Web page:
It is important to emphasize that using the alternative of teleworking or remote work cannot be interpreted as an exception to compliance with social distancing and curfew, ordered by the Executive Order.

SEVENTH, I take this opportunity to report that, in conversation with the Presidents of the banks, a period of 90 days of moratoriums has been established in the payment of mortgages, cars, personal loans, commercial loans, and credit cards.

This benefit will also be available to members of cooperatives. The only requirement is to call your financial institution and request the moratorium because it is not an automatic process. This is important relief because it represents a direct relief to the workers’ wallets.  It is important to understand that moratoriums do not affect the credit of individuals or companies.

This would be one of the most comprehensive and ambitious relief packages that have been announced to deal with this crisis. These are much more comprehensive measures than those offered throughout the Nation.

For example, California announced a $500 million package and Washington State a $200 million package. We announced a first package of almost a billion dollars for our people on the island, achieved in conjunction with the Fiscal Oversight Board.

We thank the Fiscal Oversight Board, its Chairman José Carrión, and its Executive Director, Natalie Jaresko, for working together on behalf of the people of Puerto Ricans.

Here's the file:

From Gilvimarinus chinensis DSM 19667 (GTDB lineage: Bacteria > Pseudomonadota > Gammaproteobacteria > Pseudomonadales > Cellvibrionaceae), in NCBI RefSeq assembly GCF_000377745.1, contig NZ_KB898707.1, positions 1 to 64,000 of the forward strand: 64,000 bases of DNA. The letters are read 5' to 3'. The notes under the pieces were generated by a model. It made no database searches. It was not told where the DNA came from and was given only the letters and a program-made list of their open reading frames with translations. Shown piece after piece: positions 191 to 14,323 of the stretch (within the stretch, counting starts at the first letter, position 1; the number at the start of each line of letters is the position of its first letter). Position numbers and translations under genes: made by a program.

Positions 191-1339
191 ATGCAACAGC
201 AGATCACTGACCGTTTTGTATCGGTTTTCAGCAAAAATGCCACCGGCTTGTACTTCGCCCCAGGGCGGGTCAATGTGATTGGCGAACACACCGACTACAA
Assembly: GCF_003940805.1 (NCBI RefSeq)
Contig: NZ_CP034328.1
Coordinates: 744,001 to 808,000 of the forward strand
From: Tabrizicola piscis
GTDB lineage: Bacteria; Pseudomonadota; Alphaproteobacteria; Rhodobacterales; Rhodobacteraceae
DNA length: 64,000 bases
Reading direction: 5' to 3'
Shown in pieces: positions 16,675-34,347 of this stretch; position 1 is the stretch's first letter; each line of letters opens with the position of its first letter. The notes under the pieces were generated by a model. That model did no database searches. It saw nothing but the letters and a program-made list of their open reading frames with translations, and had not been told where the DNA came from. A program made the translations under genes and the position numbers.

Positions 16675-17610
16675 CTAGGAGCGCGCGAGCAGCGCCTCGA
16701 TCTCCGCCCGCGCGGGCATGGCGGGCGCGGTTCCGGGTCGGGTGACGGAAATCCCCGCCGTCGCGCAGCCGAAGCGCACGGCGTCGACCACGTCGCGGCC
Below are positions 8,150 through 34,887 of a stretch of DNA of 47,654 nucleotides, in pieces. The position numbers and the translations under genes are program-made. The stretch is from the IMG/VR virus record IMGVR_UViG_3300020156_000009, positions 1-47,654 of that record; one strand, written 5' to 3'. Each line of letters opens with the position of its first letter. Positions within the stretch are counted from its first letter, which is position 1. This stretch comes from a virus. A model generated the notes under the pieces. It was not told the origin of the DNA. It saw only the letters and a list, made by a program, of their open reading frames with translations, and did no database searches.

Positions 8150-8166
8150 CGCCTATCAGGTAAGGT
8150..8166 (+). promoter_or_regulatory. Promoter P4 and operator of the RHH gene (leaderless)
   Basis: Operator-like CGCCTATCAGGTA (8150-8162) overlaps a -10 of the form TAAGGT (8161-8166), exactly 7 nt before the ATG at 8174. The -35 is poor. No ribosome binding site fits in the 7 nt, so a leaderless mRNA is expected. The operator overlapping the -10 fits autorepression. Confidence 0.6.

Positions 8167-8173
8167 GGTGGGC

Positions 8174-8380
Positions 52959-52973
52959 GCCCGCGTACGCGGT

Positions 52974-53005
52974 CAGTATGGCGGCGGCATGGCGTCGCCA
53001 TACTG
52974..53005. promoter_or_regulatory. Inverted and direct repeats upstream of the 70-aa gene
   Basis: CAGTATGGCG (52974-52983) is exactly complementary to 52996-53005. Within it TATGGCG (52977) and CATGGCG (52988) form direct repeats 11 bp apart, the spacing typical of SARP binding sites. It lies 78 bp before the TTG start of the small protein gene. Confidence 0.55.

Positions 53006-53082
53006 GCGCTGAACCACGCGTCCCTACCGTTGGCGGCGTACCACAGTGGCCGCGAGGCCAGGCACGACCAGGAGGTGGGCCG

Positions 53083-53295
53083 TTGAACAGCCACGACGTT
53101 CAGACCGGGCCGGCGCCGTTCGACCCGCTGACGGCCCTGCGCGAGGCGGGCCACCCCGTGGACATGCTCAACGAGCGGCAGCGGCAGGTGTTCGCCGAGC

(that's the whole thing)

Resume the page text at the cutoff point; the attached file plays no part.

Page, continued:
Fellow Puerto Ricans: these steps we are taking will help mitigate the economic impact of the current crisis. As this is an ongoing emergency, there are other measures we are currently evaluating and that we will be announced accordingly, in particular those in line with the economy and touristic activity.

Through this difficult moment we face as a nation, we must be united, our enemy is Coronavirus COVID – 19 and together, we will defeat this virus as a nation.

It is our hope that we will move forward during this emergency. Together in solidarity, we will conquer this public health crisis.

We must have present that the health and the protection of  the life of all our citizens is our priority.

Therefore, our priority is the health and welfare of our people, we must continue to protect ourselves and stay home.


God bless you and all your family.

—Yanira Hernández and María Soledad and Cybernews contributed to this report.

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Airline Passengers Arriving in Puerto Rico will Be Placed Under 14-Day Quarantine

Airline Passengers Arriving in Puerto Rico will Be Placed Under 14-Day Quarantine

Airline Passengers Arriving in Puerto Rico will Be Placed Under 14-Day Quarantine